- "Who should be the world's most powerful person?". The Guardian. London. January 3, 2008.
- Meacham, Jon (December 20, 2008). "Meacham: The History of Power". Newsweek. Retrieved September 4, 2010.
- Zakaria, Fareed (December 20, 2008). "The NEWSWEEK 50: Barack Obama". Newsweek. Retrieved September 4, 2010.
- "Transcript of the Constitution of the United States – Official". Archives.gov. Retrieved September 4, 2010.
- Pfiffner, J. P. (1988). "The President's Legislative Agenda". Annals of the American Academy of Political and Social Science. 499: 22–35. doi:10.1177/0002716288499001002.
- The Influence of State Politics in Expanding Federal Power,' Henry Jones Ford, Proceedings of the American Political Science Association, Vol. 5, Fifth Annual Meeting (1908). Retrieved March 17, 2010.
- "Executive Branch". obamawhitehouse.archives.gov., The White House.
- "Executive Branch". obamawhitehouse.archives.gov.. Grover Cleveland served two non-consecutive terms, so he is counted twice; as the 22nd and 24th presidents.
- Milkis, Sidney M.; Nelson, Michael (2008). The American Presidency: Origins and Development (5th ed.). Washington, D.C.: CQ Press. pp. 1–25. ISBN 0-87289-336-7.
- Kelly, Alfred H.; Harbison, Winfred A.; Belz, Herman (1991). The American Constitution: Its Origins and Development. I (7th ed.). New York: W.W. Norton & Co. pp. 76–81. ISBN 0-393-96056-0.
- Beeman, Richard (2009). Plain, Honest Men: The Making of the American Constitution. New York: Random House. ISBN 0-8129-7684-3.
- "DOD Releases Unified Command Plan 2011". United States Department of Defense. April 8, 2011. Archived from the original on May 13, 2011. Retrieved February 25, 2013.
- 10 U.S.C. § 164
- Joint Chiefs of Staff. About the Joint Chiefs of Staff. Retrieved February 25, 2013.
- Hamilton, Alexander. The Federalist #69 (reposting). Retrieved June 15, 2007.
- Christopher, James A.; Baker, III (July 8, 2008). "The National War Powers Commission Report". The Miller Center of Public Affairs at the University of Virginia. Archived from the original (PDF) on November 26, 2010. Retrieved December 15, 2010.
No clear mechanism or requirement exists today for the president and Congress to consult. The War Powers Resolution of 1973 contains only vague consultation requirements. Instead, it relies on reporting requirements that, if triggered, begin the clock running for Congress to approve the particular armed conflict. By the terms of the 1973 Resolution, however, Congress need not act to disapprove the conflict; the cessation of all hostilities is required in 60 to 90 days merely if Congress fails to act. Many have criticized this aspect of the Resolution as unwise and unconstitutional, and no president in the past 35 years has filed a report "pursuant" to these triggering provisions.
- "The Law: The President's War Powers". Time. June 1, 1970. Retrieved September 28, 2009.
- Mitchell, Alison (May 2, 1999). "The World; Only Congress Can Declare War. Really. It's True". The New York Times. Retrieved November 8, 2009.
Presidents have sent forces abroad more than 100 times; Congress has declared war only five times: the War of 1812, the Mexican War, the Spanish–American War, World War I and World War II.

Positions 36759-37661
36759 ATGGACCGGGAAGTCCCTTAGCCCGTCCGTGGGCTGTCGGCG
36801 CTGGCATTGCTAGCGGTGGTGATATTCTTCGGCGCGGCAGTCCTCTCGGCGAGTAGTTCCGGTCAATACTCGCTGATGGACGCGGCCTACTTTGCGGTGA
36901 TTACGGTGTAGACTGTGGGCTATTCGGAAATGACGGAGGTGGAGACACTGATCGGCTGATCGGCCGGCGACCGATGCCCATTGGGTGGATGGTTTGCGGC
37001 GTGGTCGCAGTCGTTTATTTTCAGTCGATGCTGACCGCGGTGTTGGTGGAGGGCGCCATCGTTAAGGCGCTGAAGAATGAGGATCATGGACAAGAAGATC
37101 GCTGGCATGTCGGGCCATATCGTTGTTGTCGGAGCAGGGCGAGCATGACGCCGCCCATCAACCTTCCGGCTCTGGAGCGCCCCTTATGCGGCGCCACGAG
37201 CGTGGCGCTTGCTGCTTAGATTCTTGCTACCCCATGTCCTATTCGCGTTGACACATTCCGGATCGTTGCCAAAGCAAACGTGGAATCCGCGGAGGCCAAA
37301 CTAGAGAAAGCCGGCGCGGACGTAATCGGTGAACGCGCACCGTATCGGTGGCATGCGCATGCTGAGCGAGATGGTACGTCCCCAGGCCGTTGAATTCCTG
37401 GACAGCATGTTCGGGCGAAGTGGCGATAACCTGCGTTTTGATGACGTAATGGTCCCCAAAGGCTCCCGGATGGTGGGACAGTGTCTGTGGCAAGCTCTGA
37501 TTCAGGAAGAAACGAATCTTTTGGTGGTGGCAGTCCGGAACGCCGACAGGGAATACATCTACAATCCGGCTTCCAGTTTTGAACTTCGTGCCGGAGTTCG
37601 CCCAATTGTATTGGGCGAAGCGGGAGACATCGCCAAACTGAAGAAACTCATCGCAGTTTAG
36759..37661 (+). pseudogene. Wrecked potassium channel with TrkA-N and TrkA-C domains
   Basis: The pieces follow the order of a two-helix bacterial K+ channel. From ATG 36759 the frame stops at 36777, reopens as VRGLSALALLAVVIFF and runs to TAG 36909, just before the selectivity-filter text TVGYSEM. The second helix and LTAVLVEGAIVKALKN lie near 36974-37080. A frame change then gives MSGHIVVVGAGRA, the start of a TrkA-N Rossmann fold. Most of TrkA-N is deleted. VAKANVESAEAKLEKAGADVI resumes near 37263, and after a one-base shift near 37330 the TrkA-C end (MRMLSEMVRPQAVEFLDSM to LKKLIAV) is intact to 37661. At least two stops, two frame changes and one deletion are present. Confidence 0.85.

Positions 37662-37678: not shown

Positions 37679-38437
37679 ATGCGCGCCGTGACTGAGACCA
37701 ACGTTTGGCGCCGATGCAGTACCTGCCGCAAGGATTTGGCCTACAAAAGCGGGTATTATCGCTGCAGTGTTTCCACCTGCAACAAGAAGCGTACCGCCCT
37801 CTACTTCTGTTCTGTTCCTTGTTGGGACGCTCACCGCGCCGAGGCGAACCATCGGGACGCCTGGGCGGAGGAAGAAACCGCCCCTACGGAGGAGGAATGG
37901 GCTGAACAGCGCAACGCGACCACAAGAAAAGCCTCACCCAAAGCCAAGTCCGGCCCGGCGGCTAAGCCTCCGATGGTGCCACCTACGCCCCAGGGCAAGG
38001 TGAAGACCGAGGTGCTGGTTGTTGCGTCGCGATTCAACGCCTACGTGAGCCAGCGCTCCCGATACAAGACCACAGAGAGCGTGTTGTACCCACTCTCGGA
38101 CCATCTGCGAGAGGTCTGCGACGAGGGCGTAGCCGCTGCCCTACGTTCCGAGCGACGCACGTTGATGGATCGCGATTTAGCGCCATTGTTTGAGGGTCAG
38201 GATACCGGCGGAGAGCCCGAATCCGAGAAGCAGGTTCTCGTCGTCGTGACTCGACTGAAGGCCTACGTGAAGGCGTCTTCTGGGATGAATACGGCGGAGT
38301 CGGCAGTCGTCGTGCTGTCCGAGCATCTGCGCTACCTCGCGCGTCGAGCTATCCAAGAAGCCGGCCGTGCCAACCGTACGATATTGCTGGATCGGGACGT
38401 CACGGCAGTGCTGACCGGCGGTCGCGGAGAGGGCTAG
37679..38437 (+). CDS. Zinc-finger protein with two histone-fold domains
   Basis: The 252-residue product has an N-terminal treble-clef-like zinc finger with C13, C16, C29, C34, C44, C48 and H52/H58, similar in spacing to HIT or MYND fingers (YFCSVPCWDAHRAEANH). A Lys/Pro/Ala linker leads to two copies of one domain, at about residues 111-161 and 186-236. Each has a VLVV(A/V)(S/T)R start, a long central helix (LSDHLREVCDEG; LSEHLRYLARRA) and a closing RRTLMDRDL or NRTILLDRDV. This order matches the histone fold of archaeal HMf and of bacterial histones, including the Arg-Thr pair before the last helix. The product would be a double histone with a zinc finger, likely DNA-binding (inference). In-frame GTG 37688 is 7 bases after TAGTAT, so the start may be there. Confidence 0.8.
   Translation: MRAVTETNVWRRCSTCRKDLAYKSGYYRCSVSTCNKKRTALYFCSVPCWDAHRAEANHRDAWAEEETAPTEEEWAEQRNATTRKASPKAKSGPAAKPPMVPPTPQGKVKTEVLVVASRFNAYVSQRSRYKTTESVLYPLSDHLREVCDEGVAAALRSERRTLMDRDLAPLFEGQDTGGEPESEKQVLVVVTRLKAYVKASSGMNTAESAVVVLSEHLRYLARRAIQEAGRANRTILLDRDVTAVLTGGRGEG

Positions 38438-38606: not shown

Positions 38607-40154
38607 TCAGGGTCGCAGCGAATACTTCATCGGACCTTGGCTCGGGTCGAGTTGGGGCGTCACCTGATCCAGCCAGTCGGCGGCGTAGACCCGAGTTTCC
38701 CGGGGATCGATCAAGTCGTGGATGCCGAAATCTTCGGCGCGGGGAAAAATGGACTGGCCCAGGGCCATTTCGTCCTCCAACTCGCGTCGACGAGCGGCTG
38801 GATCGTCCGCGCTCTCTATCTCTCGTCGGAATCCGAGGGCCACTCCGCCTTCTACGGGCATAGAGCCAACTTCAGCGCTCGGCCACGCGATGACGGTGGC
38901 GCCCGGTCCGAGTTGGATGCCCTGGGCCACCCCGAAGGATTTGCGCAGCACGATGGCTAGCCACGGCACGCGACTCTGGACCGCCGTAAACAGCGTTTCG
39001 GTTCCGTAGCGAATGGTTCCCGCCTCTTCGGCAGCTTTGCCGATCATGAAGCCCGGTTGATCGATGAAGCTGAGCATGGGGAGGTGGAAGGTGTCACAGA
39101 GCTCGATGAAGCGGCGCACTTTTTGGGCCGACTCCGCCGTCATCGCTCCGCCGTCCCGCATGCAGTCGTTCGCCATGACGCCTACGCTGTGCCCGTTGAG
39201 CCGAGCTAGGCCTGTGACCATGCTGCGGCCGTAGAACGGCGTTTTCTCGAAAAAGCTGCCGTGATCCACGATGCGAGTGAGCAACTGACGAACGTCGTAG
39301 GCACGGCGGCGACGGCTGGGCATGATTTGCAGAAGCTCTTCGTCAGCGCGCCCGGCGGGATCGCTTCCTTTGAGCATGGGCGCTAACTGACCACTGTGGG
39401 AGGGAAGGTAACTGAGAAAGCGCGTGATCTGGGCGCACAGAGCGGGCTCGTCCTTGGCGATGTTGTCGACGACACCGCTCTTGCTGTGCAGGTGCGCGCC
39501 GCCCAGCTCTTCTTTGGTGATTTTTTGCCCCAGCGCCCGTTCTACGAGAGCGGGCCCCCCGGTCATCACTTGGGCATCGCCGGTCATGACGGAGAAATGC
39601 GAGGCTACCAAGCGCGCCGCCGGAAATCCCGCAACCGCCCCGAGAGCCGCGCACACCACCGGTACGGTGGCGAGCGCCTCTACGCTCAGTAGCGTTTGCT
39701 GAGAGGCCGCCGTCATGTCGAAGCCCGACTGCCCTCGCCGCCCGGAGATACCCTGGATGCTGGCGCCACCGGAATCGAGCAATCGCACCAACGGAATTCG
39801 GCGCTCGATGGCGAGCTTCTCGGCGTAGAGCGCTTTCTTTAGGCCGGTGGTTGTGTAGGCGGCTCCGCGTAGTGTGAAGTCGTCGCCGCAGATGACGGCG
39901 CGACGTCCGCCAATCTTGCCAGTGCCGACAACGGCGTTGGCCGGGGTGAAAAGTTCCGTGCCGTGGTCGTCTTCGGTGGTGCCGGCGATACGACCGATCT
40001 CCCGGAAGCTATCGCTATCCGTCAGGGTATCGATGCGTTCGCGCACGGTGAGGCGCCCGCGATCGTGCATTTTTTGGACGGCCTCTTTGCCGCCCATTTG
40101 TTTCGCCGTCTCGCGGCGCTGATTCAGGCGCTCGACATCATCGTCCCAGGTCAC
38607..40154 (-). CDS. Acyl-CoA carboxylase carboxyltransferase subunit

- Mitchell, Alison (May 2, 1999). "The World; Only Congress Can Declare War. Really. It's True". The New York Times. Retrieved November 8, 2009.
President Reagan told Congress of the invasion of Grenada two hours after he had ordered the landing. He told Congressional leaders of the bombing of Libya while the aircraft were on their way.
- Gordon, Michael R. (December 20, 1990). "U.S. troops move in panama in effort to seize noriega; gunfire is heard in capital". The New York Times. Retrieved November 8, 2009.
It was not clear whether the White House consulted with Congressional leaders about the military action, or notified them in advance. Thomas S. Foley, the Speaker of the House, said on Tuesday night that he had not been alerted by the Administration.
- "Article II, Section 3, U.S. Constitution". law.cornell.edu. Legal Information Institute. 2012. Retrieved August 7, 2012.
- "The Executive Branch". The White House website. obamawhitehouse.archives.gov. Retrieved February 5, 2010.
- National Labor Relations Board v. Noel Canning, 572 U.S. __ (2014).
- Shurtleff v. United States, 189 U.S. 311 (1903); Myers v. United States, 272 U.S. 52 (1926).
- Humphrey's Executor v. United States, 295 U.S. 602 (1935) and Morrison v. Olson, 487 U.S. 654 (1988), respectively.
- Gaziano, Todd (February 21, 2001). "Executive Summary: The Use and Abuse of Executive Orders and Other Presidential Directives". Washington, D.C.: The Heritage Foundation. Retrieved January 23, 2018.
- Johnston, David (December 24, 1992). "Bush Pardons 6 in Iran Affair, Aborting a Weinberger Trial; Prosecutor Assails 'Cover-Up'". The New York Times. Retrieved November 8, 2009.
But not since President Gerald R. Ford granted clemency to former President Richard M. Nixon for possible crimes in Watergate has a Presidential pardon so pointedly raised the issue of whether the President was trying to shield officials for political purposes.